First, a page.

Yes - Close to the Edge

 

Question 10 - What music are you listening to at the moment?

Mainly south indian carnatic music. I'm studying Indian rhythm at the moment and its just fascinating to hear all these great masters of Carnatic music.

 

Question 11 - What motivates you to focus on creative music?

The search for progress, the love of playing the drums, the satisfaction when a project is finished and sounding good. The joy of the process of obtaining all the above.

 

Question 12 – Tell me about some of the most memorable gigs you’ve played?

I did a gig a few years ago in Italy with John Abercrombie, Jeff Berlin and Bob Sheppard (BESSA quartet), depping for Peter Erskine; wonderful to play with these creative inspiring musicians and an honor!

The first gig I did with Larry Coryell's trio was very special for me.  I saw Larry when I was about 15 years old in Israel playing a huge concert with Steve Swallow on bass and Bob Moses on drums. It was one a highlight for me to get the chance to play with one of my heroes and to meet him and Mark Egan who was the bass player on that tour.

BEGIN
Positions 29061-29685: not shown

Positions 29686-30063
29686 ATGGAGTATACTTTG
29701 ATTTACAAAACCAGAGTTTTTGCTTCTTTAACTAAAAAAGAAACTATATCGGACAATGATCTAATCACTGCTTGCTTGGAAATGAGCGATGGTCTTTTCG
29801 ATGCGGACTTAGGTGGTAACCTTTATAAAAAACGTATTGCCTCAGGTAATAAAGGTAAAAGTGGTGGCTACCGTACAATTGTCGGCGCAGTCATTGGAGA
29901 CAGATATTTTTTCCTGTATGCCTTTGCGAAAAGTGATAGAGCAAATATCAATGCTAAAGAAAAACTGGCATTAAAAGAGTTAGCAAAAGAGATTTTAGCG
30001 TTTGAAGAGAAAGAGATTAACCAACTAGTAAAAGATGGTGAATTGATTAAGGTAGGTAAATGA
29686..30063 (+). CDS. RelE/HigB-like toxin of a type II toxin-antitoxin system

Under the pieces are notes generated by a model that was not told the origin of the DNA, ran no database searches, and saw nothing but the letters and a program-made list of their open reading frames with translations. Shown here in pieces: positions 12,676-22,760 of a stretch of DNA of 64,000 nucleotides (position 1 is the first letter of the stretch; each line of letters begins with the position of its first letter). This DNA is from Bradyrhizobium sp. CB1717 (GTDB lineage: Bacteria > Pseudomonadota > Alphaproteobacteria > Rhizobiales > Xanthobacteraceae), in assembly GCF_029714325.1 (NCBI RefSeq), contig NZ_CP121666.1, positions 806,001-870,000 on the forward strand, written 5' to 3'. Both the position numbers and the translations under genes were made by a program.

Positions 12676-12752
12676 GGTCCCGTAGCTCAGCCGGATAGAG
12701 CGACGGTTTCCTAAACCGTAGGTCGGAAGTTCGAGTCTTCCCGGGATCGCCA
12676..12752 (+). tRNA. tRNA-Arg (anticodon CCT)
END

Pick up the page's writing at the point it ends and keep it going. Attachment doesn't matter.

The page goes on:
Question 13 - Tell me about some of the most memorable gigs you’ve been to?

One of the best ones for me was Weather Report 1984 (Procession) with Omar Hakim and Victor Bailey - I'll never forget that one, the band was just kicking!

Miles Davis (Tutu)- I saw him in Israel about 1986 when he was into his funk/groove period. There was such an electric atmosphere in the room, unbelievable.